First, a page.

Growth and population dynamic model of the reef coral Fungia granulosa Klunzinger, 1879 at Eilat, northern Red Sea

Nanette E. Chadwick-Furman*, Stefano Goffredo, Yossi Loya

*Corresponding author for this work

Research output: Contribution to journalArticlepeer-review


The lack of population dynamic information for most species of stony corals is due in part to their complicated life histories that may include fission, fusion and partial mortality of colonies, leading to an uncoupling of coral age and size. However, some reef-building corals may produce compact upright or free-living individuals in which the above processes rarely occur, or are clearly detectable. In some of these corals, individual age may be determined from size, and standard growth and population dynamic models may be applied to gain an accurate picture of their life history. We measured long-term growth rates (up to 2.5 years) of individuals of the free-living mushroom coral Fungia granulosa Klunzinger, 1879 at Eilat, northern Red Sea, and determined the size structure of a population on the shallow reef slope. We then applied growth and population models to the data to obtain estimates of coral age, mortality rate, and life expectancy in members of this species. In the field, few F. granulosa polyps suffered partial mortality of > 10% of their tissues. Thus, the majority of polyps grew isometrically and determinately, virtually ceasing growth by about 30-40 years of age. Coral ages as revealed by skeletal growth rings were similar to those estimated from a growth curve based on field data. The frequency of individuals in each age class on the reef slope decreased exponentially with coral age, indicating high mortality rates when corals were young. The maximum coral age observed in the field population (31 years) was similar to that estimated by application of a population dynamic model (30 years). Calculated rates of growth, mortality and life expectancy for F. granulosa were within the range of those known for other stony corals. Our results reveal a young, dynamic population of this species on Eilat reefs, with high turnover rates and short lifespans. Such information is important for understanding recovery of coral reefs from disturbances, and for application to the management of commercially exploited coral populations. (C) 2000 Elsevier Science B.V.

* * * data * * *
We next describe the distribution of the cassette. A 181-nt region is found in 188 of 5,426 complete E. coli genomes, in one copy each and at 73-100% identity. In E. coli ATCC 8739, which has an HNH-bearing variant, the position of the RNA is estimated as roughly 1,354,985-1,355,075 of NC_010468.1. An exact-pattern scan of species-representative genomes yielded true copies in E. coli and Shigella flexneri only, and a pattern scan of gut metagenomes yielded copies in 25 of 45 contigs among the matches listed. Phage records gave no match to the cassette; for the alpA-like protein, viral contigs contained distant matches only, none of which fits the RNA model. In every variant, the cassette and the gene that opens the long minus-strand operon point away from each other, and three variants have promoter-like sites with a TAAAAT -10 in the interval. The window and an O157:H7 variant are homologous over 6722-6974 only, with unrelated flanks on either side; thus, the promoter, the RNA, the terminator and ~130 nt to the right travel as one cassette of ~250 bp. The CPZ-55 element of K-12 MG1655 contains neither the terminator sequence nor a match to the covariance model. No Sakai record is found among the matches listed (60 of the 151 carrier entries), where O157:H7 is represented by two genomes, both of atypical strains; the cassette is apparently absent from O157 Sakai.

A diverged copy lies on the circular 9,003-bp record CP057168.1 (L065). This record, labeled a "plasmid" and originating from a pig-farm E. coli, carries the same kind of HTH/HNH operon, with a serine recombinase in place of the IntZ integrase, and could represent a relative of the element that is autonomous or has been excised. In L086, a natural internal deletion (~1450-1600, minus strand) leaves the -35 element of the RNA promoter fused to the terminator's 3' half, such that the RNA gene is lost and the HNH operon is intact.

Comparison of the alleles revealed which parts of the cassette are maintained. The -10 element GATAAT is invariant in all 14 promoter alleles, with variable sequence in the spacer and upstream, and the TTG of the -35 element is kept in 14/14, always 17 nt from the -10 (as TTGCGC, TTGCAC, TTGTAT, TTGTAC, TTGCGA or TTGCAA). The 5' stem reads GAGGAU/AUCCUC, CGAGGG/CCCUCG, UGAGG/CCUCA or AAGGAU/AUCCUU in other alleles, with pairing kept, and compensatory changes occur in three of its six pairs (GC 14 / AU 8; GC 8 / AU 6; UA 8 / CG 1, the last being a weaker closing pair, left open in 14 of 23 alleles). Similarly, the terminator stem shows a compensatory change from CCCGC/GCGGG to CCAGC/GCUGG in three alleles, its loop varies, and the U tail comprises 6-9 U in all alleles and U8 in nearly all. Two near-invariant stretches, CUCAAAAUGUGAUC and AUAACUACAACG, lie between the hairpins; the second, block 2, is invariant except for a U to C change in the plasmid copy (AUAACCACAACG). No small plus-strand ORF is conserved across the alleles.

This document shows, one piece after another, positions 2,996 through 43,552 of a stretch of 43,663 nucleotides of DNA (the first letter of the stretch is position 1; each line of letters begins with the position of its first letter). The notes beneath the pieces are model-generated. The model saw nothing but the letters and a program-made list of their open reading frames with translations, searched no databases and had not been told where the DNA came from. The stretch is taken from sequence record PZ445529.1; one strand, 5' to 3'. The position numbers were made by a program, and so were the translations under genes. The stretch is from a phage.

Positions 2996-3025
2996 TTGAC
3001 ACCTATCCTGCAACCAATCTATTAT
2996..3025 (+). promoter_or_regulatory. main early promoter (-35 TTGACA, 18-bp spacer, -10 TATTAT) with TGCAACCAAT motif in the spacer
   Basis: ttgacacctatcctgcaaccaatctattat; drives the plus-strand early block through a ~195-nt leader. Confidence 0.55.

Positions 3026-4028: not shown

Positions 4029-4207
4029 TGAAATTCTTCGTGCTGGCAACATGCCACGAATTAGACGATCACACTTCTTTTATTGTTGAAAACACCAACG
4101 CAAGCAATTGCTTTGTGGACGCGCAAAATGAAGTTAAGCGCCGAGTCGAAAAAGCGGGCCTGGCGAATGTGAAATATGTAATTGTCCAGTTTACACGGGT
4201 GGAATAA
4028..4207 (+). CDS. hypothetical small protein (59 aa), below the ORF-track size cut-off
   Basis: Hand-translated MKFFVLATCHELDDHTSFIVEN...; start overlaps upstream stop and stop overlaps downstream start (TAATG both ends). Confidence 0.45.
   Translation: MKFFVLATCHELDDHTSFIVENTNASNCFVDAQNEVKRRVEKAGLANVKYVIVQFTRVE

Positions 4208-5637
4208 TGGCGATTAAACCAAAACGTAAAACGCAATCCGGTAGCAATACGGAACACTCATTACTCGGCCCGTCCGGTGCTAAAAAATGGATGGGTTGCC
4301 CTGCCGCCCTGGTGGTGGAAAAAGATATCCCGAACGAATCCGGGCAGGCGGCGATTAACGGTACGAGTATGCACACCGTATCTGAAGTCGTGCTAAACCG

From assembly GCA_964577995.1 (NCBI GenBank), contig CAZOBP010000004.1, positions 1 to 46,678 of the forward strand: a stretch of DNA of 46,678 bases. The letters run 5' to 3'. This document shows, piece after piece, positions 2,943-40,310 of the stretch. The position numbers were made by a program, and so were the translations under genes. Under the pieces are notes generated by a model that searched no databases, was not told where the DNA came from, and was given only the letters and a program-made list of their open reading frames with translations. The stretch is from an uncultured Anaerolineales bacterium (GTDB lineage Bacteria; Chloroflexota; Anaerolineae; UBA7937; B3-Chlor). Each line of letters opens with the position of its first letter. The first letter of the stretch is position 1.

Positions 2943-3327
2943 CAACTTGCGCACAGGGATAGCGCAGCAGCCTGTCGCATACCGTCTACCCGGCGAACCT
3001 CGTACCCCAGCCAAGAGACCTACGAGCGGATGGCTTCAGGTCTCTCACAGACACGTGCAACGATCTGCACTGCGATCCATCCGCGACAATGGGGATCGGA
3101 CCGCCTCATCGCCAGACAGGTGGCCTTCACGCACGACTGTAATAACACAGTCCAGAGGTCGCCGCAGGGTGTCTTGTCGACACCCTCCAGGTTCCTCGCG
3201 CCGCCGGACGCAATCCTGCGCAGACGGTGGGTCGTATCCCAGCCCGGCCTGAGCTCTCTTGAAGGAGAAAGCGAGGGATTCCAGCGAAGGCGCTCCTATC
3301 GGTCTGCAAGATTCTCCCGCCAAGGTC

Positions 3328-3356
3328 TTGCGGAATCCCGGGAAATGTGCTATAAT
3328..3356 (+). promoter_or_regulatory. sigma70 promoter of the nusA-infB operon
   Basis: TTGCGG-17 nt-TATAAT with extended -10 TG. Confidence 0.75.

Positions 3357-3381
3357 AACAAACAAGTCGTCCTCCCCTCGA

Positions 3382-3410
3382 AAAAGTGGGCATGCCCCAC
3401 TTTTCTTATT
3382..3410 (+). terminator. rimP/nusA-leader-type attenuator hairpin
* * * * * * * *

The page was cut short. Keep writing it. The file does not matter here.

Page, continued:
Original languageEnglish
Pages (from-to)199-218
Number of pages20
JournalJournal of Experimental Marine Biology and Ecology
Issue number2
StatePublished - 28 Jun 2000


  • Fungiidae
  • Growth model
  • Mushroom coral
  • Population ecology
  • Red Sea
  • Reef management
  • Scleractinia


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